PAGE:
Unfortunately there isn't one simple equation to fit all, in where you are able to convert milligrams (mg) into so much of a fraction of a teaspoon, essentially millilitres (ml). One level teaspoon will hold approximately five ml of fluid. The reason why this conversion is impossible without more information is that different substances have different densities, so they will each by definition weigh, at times significantly different to other substances.

Traditional kitchen scales are affordable but will generally only measure weights in ounces (oz) pounds (lb) grams (g) and kilograms (kg) which is nowhere near the level of precision required to accurately measure out 10 mg, although depending on how accurate the measurement needs to be it would be possible, albeit time consuming and immensely fiddly, to measure out a gram of your specific substance using regular kitchen scale and then split the measurement again, by sight, into 100 equal piles, which should then very crudely equate to 10 mg. Naturally depending on what is being measured then the slightest anomaly could prove dangerous.

Obtaining a pair of laboratory scales that measures to the nearest micro-gram will yield the most accurate results, although these can cost upwards of thousands of dollars. Milligram balances are also extremely sensitive but are much more affordable, starting at around $200. There are a number of alternative budget scales that claim to measure accurately to the nearest milligram that can cost a tenth of that, however the exactness of such cheap instruments may be unreliable.

Traditional kitchen scales are affordable but will generally only measure weights in ounces (oz) pounds (lb) grams (g) and kilograms (kg) which is nowhere near the level of precision required to accurately measure out 10 mg, although depending on how accurate the measurement needs to be it would be possible, albeit time consuming and immensely fiddly, to measure out a gram of your specific substance using regular kitchen scale and then split the measurement again, by sight, into 100 equal piles, which should then very crudely equate to 10 mg. Naturally depending on what is being measured then the slightest anomaly could prove dangerous.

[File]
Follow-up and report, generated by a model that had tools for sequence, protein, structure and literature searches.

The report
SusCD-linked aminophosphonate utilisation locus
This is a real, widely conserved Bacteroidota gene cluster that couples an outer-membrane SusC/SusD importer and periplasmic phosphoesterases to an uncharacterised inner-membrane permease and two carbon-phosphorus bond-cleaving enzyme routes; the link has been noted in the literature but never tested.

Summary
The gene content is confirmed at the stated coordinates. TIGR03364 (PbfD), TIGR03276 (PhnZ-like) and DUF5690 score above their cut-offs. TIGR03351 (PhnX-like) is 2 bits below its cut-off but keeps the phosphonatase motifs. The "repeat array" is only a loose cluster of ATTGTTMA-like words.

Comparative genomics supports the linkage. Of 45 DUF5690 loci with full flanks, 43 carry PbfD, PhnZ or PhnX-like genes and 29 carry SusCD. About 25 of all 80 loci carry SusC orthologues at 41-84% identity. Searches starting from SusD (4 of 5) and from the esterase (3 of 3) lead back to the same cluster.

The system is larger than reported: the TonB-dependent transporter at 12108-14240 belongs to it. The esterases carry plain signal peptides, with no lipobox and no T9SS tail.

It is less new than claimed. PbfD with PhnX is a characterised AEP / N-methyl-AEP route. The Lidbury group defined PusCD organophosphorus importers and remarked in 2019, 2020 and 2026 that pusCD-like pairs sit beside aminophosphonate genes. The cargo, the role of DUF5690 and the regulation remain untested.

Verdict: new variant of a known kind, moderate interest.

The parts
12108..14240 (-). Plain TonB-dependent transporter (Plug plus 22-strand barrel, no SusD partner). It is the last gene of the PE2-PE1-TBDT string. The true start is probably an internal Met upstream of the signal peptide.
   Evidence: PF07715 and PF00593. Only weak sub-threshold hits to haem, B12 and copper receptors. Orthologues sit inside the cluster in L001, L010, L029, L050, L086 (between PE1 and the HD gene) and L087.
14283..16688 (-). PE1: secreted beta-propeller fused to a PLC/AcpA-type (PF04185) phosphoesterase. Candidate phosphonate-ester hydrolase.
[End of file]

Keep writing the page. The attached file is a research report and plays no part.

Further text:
Obtaining a pair of laboratory scales that measures to the nearest micro-gram will yield the most accurate results, although these can cost upwards of thousands of dollars. Milligram balances are also extremely sensitive but are much more affordable, starting at around $200. There are a number of alternative budget scales that claim to measure accurately to the nearest milligram that can cost a tenth of that, however the exactness of such cheap instruments may be unreliable.